Here is a famous poetic death sentence from a real hanging judge in the New Mexico Territory in the 1800’s.
“Jose Manuel Miguel Xavier Gonzales, in a few short weeks it will be spring. The snows of winter will flee away, the ice will vanish, and the air will become soft and balmy. In short, Jose Manuel Miguel Xavier Gonzales, the annual miracle of the years will awaken and come to pass — but you won’t be there.
“The rivulet will run its soaring course to the sea, the timid desert flowers will put forth their tender shoots, the glorious valleys of this imperial domain will blossom as the rose. Still, you won’t be here to see it.
“From every treetop some wild woods songster will carol his mating song; butterflies will sport in the sunshine, the busy bee will hum happy as it pursues its accustomed vacation; the gentle breeze will tease the tassels of the wild grasses, and all nature will be glad — but you.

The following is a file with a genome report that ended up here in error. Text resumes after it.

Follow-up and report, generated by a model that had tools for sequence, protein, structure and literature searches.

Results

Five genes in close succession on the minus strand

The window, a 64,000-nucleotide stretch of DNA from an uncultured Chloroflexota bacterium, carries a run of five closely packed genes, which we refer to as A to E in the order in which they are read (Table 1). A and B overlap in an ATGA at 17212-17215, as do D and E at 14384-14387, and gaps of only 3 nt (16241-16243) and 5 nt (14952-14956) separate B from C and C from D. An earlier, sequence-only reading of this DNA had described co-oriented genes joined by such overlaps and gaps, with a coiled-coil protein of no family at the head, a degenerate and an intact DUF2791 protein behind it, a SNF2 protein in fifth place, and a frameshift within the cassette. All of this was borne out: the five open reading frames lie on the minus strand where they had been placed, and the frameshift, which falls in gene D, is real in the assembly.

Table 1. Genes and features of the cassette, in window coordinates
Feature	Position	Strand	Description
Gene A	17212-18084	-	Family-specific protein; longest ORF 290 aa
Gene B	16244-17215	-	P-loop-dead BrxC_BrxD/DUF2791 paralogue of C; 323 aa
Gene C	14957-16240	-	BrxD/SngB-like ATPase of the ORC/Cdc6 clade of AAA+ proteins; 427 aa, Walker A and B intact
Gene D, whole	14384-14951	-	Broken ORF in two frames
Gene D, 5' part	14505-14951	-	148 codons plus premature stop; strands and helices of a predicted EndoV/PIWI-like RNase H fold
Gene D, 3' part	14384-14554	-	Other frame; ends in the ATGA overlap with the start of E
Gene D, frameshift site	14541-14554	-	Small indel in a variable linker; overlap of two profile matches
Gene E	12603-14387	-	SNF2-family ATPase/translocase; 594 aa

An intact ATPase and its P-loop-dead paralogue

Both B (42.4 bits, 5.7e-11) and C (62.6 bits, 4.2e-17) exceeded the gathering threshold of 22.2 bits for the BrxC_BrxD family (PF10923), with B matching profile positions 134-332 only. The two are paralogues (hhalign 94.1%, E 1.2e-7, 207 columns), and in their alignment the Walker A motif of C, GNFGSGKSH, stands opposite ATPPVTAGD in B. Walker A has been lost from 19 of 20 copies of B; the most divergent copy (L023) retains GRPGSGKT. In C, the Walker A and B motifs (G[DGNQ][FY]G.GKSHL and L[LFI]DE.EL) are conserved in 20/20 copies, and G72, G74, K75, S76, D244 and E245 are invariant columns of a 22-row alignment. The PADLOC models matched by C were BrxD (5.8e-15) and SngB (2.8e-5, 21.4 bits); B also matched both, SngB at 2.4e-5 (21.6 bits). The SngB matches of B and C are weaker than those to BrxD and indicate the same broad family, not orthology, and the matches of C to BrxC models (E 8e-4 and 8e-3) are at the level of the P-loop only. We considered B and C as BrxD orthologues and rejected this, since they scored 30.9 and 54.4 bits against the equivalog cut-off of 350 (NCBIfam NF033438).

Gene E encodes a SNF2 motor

“You won’t be here to enjoy it because I command the sheriff to lead you out to some remote spot, swing you by the neck from a knotting bough of some sturdy oak, and let you hang until you are dead.
“And then, Jose Manuel Miguel Xavier Gonzales, I further command that such officers retire quickly from your dangling corpse, so that vultures may descend from the heavens upon your filthy body until nothing shall remain but bare, bleached bones of a cold-blooded, bloodthirsty, throat-cutting, murdering son of a bitch.”
(According to legend, Mr. Gonzales escaped and was never heard of again.)
(See: “Hang Down Your Head,” American Heritage Magazine, 1978 Vol 29, Issue 2)
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